Cultivating Judgement

Good judgement is needed for any profession of consequence.

As Naval states “in an age of infinite leverage, judgement is the most important skill.”

How do you cultivate judgement? Mostly through experience.

But, there are some frameworks that can help. Below are my notes from Cultivating Your Judgement Skills, from Michael Mauboussin.


People are bad at making predictions

1/ Judgement and decision making is fundamentally about human beings trying to predict what will happen in the future. The decision they make is to typically to maximize gain and minimize pain of this future event.

2/ When Daniel Kahneman, who was awarded the Nobel Prize in Economics in 2002, was asked which of his 131 academic papers was his favorite, he answered “On the Psychology of Prediction”

3/ Most people want to improve their decision making abilities. Research has found that experts who are paid to make predictions in their field – economics, politics, and sports – are not very good at predicting outcomes. So many of us can improve how we make decisions.


Judgement is a skill that can be taught

4/ Philip Tetlock, professor at Wharton, created a ‘Judgement Matrix’, which separates acquiring a new skill into three stages: stage 1: cognitive and error prone like the first time you ride a bike, stage 2: associative with fewer errors such as biking without falling, and stage 3: autonomous and near perfection such as when riding your bike is habitual.

5/ The Judgement matrix identifies three skills to develop to improve decision making: identifying causality, using reference classes, and integrating new information. To improve your decision making, improve these skills.

6/ Ideally, you are improving your judgement of cause and effect (identifying causality), effective at incorporating prior events into your decision (using reference classes), and updating your beliefs when you have new information (integrating new information).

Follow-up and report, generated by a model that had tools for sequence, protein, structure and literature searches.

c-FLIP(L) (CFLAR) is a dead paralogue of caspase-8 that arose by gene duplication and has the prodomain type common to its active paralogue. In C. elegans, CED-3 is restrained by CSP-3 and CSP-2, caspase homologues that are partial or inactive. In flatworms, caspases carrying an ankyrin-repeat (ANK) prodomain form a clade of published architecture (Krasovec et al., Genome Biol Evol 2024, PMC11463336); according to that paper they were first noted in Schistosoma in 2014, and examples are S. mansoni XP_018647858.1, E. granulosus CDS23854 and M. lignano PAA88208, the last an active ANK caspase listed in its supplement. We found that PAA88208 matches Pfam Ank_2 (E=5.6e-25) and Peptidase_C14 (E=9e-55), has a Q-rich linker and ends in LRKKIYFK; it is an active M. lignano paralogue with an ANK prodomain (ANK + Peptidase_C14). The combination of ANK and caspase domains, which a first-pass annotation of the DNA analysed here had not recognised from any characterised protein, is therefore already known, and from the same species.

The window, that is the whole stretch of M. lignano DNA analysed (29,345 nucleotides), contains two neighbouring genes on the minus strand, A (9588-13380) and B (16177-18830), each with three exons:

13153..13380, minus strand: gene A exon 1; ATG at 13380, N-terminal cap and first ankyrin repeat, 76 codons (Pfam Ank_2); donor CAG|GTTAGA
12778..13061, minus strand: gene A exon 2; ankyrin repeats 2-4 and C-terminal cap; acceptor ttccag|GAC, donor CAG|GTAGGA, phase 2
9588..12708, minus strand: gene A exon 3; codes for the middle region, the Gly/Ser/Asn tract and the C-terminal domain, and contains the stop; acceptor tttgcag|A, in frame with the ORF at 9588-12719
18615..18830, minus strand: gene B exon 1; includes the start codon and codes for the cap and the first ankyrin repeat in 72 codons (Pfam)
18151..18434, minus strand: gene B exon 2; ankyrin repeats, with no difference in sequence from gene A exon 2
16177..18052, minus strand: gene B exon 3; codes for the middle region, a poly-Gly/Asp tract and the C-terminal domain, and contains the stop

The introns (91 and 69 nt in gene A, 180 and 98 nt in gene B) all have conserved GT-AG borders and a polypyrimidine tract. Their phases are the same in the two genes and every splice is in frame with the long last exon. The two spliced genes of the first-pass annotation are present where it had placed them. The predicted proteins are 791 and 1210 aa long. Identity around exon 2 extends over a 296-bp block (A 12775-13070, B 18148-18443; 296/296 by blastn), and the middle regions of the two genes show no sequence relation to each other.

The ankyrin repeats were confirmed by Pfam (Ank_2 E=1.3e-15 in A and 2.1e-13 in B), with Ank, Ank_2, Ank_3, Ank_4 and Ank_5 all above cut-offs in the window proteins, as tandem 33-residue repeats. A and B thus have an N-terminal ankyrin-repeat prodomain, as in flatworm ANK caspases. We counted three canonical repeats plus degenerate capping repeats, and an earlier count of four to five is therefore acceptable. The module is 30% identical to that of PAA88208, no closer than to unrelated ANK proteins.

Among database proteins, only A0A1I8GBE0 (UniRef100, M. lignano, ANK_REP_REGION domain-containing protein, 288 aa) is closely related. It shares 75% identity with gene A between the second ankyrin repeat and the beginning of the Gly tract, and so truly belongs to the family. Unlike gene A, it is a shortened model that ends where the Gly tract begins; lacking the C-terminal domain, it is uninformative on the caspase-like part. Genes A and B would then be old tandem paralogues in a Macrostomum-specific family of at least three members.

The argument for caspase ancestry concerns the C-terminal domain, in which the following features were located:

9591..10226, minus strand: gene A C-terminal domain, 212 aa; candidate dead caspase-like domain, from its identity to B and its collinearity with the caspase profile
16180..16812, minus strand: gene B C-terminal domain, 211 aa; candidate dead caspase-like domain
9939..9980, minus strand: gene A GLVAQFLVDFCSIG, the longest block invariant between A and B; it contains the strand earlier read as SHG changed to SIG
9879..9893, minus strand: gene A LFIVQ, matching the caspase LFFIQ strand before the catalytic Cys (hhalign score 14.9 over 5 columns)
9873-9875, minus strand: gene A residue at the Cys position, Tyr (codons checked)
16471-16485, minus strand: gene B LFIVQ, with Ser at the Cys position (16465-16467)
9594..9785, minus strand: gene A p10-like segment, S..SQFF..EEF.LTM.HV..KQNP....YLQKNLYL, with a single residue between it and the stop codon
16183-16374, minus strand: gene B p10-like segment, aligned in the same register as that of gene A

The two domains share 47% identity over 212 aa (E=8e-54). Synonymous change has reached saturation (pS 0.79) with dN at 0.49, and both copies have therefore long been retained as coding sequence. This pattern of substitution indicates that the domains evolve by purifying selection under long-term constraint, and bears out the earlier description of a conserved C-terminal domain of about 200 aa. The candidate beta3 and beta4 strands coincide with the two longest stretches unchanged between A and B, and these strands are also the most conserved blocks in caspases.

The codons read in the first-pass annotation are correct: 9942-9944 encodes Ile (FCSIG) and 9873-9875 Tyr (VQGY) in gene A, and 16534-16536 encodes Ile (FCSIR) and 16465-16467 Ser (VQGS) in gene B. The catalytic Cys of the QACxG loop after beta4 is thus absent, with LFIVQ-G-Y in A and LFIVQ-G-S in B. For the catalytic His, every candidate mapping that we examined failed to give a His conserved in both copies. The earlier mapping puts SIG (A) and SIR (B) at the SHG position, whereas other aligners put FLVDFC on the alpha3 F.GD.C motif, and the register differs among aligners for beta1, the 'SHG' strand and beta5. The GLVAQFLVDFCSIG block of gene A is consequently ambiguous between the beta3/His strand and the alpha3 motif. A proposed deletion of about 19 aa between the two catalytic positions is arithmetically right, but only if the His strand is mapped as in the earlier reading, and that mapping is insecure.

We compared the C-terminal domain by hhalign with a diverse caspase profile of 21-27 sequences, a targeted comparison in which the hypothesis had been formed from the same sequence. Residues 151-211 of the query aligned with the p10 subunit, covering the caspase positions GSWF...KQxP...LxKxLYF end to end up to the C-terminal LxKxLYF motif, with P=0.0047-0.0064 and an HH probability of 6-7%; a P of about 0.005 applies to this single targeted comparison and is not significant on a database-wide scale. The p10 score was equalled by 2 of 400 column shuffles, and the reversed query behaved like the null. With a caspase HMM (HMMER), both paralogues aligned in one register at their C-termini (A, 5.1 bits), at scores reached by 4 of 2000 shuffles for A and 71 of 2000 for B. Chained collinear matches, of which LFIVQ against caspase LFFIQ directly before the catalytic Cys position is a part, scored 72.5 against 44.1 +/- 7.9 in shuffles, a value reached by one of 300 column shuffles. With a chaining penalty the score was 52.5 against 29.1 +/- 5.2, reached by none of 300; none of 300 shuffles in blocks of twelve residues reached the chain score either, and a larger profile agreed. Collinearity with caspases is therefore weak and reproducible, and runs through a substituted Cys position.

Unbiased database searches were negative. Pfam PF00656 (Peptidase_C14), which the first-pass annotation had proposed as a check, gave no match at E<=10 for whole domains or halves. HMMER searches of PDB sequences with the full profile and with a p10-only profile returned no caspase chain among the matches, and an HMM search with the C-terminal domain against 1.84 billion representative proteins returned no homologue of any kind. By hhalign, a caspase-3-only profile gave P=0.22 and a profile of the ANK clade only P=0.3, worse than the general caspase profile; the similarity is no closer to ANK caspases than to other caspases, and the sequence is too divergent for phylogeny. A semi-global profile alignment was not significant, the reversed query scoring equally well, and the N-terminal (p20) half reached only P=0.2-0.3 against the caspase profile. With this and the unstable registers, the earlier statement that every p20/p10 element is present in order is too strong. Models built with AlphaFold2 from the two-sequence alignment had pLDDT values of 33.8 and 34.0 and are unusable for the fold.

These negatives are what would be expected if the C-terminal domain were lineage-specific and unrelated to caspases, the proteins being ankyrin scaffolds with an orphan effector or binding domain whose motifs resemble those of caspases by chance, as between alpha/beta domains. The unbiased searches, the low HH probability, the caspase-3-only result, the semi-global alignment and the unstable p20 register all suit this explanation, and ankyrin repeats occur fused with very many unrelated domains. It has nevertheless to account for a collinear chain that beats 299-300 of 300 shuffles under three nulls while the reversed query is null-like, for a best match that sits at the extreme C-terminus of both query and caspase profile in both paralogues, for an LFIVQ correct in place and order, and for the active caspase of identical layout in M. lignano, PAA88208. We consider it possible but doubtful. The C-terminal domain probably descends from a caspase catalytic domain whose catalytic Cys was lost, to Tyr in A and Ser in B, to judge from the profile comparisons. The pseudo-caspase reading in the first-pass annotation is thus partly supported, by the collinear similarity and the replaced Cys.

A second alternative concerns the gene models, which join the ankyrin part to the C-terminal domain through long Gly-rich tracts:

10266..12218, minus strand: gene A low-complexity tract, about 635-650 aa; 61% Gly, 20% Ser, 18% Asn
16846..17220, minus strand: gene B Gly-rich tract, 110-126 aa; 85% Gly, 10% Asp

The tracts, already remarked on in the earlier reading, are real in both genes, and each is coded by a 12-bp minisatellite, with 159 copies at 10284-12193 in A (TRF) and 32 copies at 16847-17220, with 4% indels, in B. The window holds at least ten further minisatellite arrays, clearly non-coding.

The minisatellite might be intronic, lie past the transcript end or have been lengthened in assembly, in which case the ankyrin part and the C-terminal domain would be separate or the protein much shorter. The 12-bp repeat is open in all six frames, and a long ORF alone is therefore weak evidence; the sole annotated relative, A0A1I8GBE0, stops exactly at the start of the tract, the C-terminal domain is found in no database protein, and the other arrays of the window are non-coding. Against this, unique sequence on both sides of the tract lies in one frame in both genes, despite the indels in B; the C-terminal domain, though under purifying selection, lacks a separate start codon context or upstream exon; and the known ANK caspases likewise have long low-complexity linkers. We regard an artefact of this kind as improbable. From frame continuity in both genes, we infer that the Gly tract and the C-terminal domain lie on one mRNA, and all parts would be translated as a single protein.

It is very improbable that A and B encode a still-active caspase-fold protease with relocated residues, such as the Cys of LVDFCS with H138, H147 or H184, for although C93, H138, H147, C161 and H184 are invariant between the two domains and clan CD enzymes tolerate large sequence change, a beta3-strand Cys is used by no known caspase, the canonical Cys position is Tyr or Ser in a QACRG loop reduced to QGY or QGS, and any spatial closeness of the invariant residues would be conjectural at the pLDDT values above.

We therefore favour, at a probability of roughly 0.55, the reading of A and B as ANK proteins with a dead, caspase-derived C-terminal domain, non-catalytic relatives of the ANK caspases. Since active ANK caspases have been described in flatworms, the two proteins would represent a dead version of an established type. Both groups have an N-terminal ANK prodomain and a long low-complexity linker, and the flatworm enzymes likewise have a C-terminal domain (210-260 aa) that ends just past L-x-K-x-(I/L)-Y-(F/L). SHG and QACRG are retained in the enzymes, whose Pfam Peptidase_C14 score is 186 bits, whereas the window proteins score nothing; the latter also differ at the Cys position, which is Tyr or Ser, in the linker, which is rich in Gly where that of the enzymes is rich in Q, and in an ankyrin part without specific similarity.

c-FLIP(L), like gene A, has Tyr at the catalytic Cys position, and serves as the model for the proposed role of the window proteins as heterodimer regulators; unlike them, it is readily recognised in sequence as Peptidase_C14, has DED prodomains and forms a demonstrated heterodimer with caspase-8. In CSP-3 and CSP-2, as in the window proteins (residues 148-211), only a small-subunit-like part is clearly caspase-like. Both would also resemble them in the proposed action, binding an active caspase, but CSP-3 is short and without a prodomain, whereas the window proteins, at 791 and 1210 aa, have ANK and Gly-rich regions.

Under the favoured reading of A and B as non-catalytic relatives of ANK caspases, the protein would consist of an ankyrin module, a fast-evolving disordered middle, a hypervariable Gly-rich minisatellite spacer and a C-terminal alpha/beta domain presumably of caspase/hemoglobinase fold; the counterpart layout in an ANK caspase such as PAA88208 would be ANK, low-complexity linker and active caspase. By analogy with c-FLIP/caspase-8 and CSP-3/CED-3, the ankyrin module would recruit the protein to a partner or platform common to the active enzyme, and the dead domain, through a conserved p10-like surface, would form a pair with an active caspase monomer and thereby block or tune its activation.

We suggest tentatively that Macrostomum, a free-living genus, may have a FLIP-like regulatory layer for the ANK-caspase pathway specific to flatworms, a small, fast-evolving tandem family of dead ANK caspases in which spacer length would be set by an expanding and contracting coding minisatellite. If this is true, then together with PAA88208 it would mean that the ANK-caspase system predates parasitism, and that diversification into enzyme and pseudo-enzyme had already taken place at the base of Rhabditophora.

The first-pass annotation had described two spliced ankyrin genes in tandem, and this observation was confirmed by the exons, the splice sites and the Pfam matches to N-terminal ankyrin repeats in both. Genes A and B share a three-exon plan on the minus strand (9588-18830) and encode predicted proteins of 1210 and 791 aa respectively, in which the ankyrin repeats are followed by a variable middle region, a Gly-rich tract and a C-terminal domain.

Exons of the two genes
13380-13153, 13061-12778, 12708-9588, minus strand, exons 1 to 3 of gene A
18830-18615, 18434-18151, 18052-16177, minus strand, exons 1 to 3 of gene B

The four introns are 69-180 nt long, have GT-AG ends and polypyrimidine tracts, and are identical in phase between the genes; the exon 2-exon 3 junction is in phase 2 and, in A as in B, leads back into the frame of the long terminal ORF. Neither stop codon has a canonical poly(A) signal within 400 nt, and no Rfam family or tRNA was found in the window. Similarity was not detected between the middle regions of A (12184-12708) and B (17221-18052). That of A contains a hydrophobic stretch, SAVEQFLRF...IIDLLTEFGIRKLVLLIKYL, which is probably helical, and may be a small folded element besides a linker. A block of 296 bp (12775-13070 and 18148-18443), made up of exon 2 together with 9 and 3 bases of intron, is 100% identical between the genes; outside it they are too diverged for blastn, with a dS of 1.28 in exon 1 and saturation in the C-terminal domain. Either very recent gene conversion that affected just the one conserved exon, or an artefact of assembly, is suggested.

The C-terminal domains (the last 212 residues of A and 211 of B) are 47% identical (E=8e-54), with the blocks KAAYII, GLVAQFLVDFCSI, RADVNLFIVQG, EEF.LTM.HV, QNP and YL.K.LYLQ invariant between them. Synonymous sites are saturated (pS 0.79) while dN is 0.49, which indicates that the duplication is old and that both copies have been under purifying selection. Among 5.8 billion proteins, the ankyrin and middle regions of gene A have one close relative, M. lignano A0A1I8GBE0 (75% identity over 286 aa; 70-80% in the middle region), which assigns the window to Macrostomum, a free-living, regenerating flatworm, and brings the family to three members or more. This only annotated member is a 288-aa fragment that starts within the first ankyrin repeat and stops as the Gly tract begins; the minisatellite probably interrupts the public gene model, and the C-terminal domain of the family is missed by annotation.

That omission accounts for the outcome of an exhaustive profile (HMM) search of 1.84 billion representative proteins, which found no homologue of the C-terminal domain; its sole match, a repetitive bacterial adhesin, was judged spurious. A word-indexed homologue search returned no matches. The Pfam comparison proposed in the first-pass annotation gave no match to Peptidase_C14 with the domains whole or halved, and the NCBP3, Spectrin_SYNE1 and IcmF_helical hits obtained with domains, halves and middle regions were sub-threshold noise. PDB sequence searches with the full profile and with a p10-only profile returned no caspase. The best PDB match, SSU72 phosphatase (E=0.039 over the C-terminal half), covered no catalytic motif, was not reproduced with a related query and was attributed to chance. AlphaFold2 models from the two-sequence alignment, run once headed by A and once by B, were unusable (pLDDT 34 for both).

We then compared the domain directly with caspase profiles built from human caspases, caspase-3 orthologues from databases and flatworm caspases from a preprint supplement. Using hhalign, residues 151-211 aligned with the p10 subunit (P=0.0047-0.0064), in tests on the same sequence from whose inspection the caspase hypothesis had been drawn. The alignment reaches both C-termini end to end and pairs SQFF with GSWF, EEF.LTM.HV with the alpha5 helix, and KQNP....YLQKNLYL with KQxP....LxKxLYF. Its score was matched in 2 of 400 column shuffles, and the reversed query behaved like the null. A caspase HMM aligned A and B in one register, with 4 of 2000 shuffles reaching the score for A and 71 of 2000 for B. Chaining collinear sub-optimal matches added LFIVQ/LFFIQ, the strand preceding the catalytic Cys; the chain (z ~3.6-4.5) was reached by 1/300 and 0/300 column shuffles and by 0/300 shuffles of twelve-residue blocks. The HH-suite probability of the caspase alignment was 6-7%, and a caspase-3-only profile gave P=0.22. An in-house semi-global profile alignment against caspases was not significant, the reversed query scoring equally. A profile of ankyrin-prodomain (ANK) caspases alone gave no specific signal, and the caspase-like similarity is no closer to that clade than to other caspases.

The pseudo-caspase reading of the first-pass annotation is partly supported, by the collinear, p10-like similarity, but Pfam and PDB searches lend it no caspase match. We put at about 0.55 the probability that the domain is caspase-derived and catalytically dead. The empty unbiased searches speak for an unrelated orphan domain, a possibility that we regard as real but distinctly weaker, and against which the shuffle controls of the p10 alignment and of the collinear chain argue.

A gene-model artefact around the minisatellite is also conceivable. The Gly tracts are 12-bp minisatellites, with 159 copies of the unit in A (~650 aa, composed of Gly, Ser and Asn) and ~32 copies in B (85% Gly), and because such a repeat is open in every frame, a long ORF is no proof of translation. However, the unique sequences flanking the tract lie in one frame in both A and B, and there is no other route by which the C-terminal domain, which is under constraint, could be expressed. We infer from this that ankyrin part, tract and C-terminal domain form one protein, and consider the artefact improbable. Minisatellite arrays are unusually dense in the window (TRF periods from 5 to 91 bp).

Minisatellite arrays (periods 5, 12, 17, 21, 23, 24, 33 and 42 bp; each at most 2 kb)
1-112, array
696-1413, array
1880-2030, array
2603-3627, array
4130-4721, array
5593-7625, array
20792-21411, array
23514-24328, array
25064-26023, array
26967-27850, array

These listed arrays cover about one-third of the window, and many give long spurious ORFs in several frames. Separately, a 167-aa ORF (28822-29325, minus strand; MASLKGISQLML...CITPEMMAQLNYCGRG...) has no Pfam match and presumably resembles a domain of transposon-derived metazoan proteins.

Theories help filter information

7/ Causality is about identifying cause and effect. This is the same thing as a theory, which is an explanation of cause and effect. Clayton Christensen’s, who was one of the most influential professors at HBS, has a three step view of theory building. First is observation: observing the phenomena and recording the results. Essentially documenting and agreeing on the standards so we are saying the same thing. Second is calssification: place the phenomena into categories that allow for distinction, usually based on attributes. Third step is definition: describe the relationship between cateogies and outcomes. Eg the correlation between the two.

8/ Once you have a theory, you test the prediction with actual data to see how error prone the model is. Also you can identify anonlies and update your theory as needed. As theories develop, classification evolves from attributes to circumstances – not just what works but when it works.

9/ Using reference classes can be thought of as building a graph, similar to a family tree. But instead of family members in the boxes, you have two types of variables: the specifics about the case (the inside view) qnd the base rate (the outside view). And the lines represents the relative weights you assign to those variables.

10/ The “inside” view in business typically involves gathering information, considering scenarios, adjusting, and extrapolating what we think will happen into the future. Pyschologists have found that many people dwell too much on the inside view – what we are trying to forecast is more unique than it actually is or that people are more different from one another than they actually are.

11/ The “outside” view considers a specific forecast in the context of a larger reference class. The outside view relies on the similarity between the case at hand and last examples.


Is it luck or is it skill?

12/ Weighting the variables can be tricky. One way to assess whether more weight should be assigned to the inside view or outside view is to assess the activity on the luck-skill spectrum.

13/ The luck-skill continuum is exactly as it sounds: it plots activities along a spectrum based on if they are more luck or skill based. For example, practicing the violin improves your abilities (skill based) whereas playing the lottery does not (luck based. Activities that are heavily skill-based, you should assign most of the weight to the inside view. For activities that are heavily luck-based, you should assign most of the weight to the outside view.